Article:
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The aftermath: Reporting on the rise of domestic violence in rural California

The aftermath: Reporting on the rise of domestic violence in rural California

Picture of Emily  Cureton
Local police respond to a call in Del Norte County, CA
Local police respond to a call in Del Norte County, CA, photo by Del Norte Triplicate/Bryant Anderson

The calls come in every day. 

“Children crying in the street on 9th and D. Domestic disturbance reported.” 

A few hours later: “She was pulled out by her hair and thrown down” on Starfish Way. 

Then, that night the sheriff’s office dispatcher was connected to another address, where “Somebody called, but nobody spoke." 

These nightmarish glimpses into an endemic problem in rural Northern California crackle across the scanner regularly at the Del Norte Triplicate, a thrice-weekly newspaper serving a community with highest rate of domestic violence reports to police in the state. 

Del Norte County is a sprawling landscape dotted by famously large redwood trees, small towns and unincorporated communities, tribal reservations and other areas where jurisdictional overlap makes policing problematic as social problems stemming from multi-generational poverty run rampant. 

While the number of reported domestic violence incidents reported statewide is in decline, it has skyrocketed here, increasing five-fold between 2010 and 2011, then doubling again by 2012, when local law enforcement agencies received over 1,000 calls, according to the latest statistics available from the state’s Department of Justice. As a reporter who checks these call logs regularly, I have seen firsthand that many times instances of domestic violence are categorized as assaults, disturbances or otherwise not recorded in a way they would be reflected in statewide databases. 

Meanwhile, calling for help is just the beginning of making a break.

For more than 1,000 square miles, there is but one temporary shelter for people who decide to flee from an abusive relationship. 

Its current manager is Shelagh Carrick. She began as a volunteer at Harrington House seven years ago, advocating for victims 21 nights at a time, the maximum continuous housing this shelter can offer. 

Unlike many emergency housing programs for families experiencing domestic violence, Harrington House’s location is no secret. The community is just too small for it to be, Carrick explained. 

People she works with often face a total loss of income, a challenge that can quickly spiral into homelessness and terrible health outcomes.

As the number of people Carrick sees at the shelter explodes, she said the stereotypes and the stigma associated with reporting domestic violence have stayed the same.

"The number one stereotype I encounter is --"So, why did she stay? She must like it." A lot of women give up because they are in trauma and they are being re-traumatized on a consistent basis,” she said.  

After reporting abuse, many victims must navigate complex systems to get legal protection, housing and social assistance. These services can be vital for making a successful break from a bad relationship and the bad health outcomes associated with it, such as death. Yet, how accessible are these services to residents that are often dependent on abusers for income and transportation?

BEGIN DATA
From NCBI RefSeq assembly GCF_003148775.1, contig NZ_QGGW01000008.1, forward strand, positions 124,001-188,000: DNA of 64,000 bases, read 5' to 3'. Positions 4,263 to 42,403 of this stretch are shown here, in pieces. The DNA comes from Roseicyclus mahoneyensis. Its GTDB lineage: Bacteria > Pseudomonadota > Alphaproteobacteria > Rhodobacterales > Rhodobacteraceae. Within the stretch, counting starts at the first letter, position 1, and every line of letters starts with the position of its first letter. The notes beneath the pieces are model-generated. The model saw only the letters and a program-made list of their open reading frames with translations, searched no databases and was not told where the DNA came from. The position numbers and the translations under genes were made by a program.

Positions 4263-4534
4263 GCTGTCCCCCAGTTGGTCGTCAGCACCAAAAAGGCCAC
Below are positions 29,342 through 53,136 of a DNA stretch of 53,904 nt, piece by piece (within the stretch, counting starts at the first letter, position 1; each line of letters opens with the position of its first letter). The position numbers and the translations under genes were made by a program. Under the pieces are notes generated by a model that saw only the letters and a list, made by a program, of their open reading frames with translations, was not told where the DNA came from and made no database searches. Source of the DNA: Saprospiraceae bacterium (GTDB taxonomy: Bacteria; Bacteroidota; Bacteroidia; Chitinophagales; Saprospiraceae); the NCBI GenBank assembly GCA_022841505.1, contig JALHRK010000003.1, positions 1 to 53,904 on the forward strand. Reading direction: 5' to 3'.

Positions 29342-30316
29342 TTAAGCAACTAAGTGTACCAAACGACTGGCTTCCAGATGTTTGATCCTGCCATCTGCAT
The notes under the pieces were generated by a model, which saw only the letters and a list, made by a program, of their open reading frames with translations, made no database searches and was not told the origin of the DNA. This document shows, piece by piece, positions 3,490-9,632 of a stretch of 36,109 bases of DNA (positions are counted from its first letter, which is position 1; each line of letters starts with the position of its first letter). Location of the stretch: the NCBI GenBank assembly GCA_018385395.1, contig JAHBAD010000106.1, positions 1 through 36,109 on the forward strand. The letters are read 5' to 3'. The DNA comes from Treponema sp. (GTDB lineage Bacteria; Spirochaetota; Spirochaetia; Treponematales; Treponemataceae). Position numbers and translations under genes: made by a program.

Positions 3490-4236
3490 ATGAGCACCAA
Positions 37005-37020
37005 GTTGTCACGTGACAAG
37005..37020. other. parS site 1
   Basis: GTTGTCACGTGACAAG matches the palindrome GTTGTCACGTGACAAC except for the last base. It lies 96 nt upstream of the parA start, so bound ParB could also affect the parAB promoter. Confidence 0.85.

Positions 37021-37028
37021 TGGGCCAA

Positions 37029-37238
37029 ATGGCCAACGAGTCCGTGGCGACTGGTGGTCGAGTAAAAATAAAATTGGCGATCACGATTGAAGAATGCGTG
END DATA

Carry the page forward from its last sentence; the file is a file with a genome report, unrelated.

“It would open a lot of eyes if you showed exactly what it takes to go from the decision to end that relationship and what all the consequences are, to independence and safety,” Carrick said. 

“Someone can leave after the first event, or it can range all the way to 14 times. That is usually the most times someone tries to leave before they are murdered,” Carrick said. 

Through the fellowship I will explore the health of domestic violence victims and their families in rural areas, as well as the systemic responses of agencies addressing domestic violence in Del Norte County and surrounding tribal lands. 

Speaking with victims, advocates, law enforcement, prosecutors, social workers, judges and perpetrators, the goal is to explore what factors contribute to domestic violence occurring, and if these factors can actually be compounded in the wake of reporting an assault.

Other questions include:

How are the communities in California’s most northern reaches responding to victims of domestic violence? 

Will recent changes to the Violence Against Women Act have an impact on prosecuting offenders on tribal reservations, regardless of ethnicity?

Of some 520,000 acres once occupied by the Yurok people, California largest native tribe, some 90 percent were taken away through the passage of state and federal laws, sanction of genocide and creation of reservations, dating from the 1848 Gold Rush to the Hoopa-Yurok Settlement Act of 1988. 

Today, “Indian tribal courts do not have inherent criminal jurisdiction to try and to punish non-Indians, and hence may not assume such jurisdiction unless specifically authorized to do so by Congress,” according to the landmark 1978 Oliphant U.S. Supreme Court decision. 

Starting next month, tribal courts with the resources to do so will be able to pursue domestic violence cases involving non-Native Americans, due to congressional amendments to the Violence Against Women Act in 2013. 

At least one Fellowship story will address the response to and treatment of domestic violence on the Yurok reservation, where a Domestic Violence/Sexual Assault Program asks why the problem persists and how this community can begin to heal.

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